# Amortized analysis for doubling resizing array is ~3n

I'm brushing up on stuff related to analysis of algorithms. And I have a question about this PDF I found. This is where I'm confused:

Question 2: What if instead we decide to double the size of the array when we resize?

Answer 2: This is much better. Now, in any sequence of n operations, the total cost for resizing is $1 + 2 + 4 + 8 +. . .+ 2^i$ for some $2^i < n$ (if all operations are pushes then $2^i$ will be the largest power of $2$ less than $n$). This sum is at most $2n−1$. Adding in the additional cost of $n$ for inserting/removing, we get a total cost $<3n$, and so our amortized cost per operation is $< 3$.

How did we arrive at $2n-1$?

I know that the sum of powers of $2$ is $2^{n-1}-2$, but does that matter at all here? I know that $2^{n-1} -2$ is very different from $2n-1$, but I'm not seeing how you can get $2n-1$ from the sum of $1 + 2 + \dots +2^i$ where $2^i$ is largest power of $2$ before $n$ item.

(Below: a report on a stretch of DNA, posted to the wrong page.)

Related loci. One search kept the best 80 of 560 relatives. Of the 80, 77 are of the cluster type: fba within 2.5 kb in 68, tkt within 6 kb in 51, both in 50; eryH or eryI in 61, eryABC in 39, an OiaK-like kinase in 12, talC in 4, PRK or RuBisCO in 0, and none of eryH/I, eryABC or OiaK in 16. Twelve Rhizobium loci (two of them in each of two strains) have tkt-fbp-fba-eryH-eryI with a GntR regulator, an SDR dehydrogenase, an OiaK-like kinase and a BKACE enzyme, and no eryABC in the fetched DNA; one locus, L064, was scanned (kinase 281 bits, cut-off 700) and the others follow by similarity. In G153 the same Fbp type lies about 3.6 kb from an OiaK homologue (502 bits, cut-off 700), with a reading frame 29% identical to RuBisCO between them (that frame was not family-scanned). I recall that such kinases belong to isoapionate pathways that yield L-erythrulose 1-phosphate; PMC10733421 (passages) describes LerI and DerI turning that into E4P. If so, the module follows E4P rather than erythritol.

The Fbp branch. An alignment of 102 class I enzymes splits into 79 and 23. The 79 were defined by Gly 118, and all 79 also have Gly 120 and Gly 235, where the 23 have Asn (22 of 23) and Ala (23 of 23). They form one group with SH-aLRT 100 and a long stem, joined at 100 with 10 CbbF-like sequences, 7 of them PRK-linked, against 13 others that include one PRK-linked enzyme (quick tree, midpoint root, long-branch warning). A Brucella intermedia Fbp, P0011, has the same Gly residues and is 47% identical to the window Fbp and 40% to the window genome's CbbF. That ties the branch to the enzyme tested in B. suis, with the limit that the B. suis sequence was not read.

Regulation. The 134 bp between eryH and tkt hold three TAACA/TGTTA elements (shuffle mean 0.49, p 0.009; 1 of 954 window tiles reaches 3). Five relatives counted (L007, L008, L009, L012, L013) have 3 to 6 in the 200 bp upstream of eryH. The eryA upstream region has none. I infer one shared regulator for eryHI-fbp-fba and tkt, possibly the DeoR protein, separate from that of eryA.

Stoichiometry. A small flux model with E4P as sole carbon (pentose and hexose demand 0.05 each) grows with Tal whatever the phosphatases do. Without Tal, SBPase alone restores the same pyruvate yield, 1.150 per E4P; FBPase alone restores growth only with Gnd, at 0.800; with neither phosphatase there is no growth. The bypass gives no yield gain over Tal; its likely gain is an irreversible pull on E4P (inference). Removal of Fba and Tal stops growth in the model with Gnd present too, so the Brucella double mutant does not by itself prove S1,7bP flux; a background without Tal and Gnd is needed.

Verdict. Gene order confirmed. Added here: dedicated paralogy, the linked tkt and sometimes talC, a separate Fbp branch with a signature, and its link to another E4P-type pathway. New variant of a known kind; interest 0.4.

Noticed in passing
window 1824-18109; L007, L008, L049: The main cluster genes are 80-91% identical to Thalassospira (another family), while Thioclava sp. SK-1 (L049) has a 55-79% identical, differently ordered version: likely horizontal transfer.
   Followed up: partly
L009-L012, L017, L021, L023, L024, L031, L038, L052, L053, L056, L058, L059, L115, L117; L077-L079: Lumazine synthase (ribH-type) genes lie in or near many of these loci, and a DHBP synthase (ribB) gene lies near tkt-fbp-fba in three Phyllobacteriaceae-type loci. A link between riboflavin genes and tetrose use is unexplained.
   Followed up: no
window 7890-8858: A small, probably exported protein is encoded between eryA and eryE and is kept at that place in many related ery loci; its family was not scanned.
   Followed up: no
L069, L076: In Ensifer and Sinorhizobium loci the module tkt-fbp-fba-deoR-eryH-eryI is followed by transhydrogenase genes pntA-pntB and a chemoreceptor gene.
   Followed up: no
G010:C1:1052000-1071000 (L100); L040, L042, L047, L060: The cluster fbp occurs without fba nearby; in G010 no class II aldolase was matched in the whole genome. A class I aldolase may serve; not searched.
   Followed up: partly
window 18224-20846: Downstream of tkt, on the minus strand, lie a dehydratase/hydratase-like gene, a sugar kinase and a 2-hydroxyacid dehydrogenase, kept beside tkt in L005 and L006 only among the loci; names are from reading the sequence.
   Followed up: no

If anyone can give concrete examples, that would be great because that's how I understand better.

I know where the remaining $n$ comes from which makes this whole operation $3n$.

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Note that the statement involves two variables $i$ and $n$. The sum of powers of two equals the next power minus one: $\sum_{k=0}^i 2^k = 2^{i+1}-1$. It is mentioned that $2^i$ is the largest power less than $n$. That means $2^i < n \le 2^{i+1}$.
As $2^i < n$ we have that the sum $2\cdot 2^i -1$ is less than $2n-1$.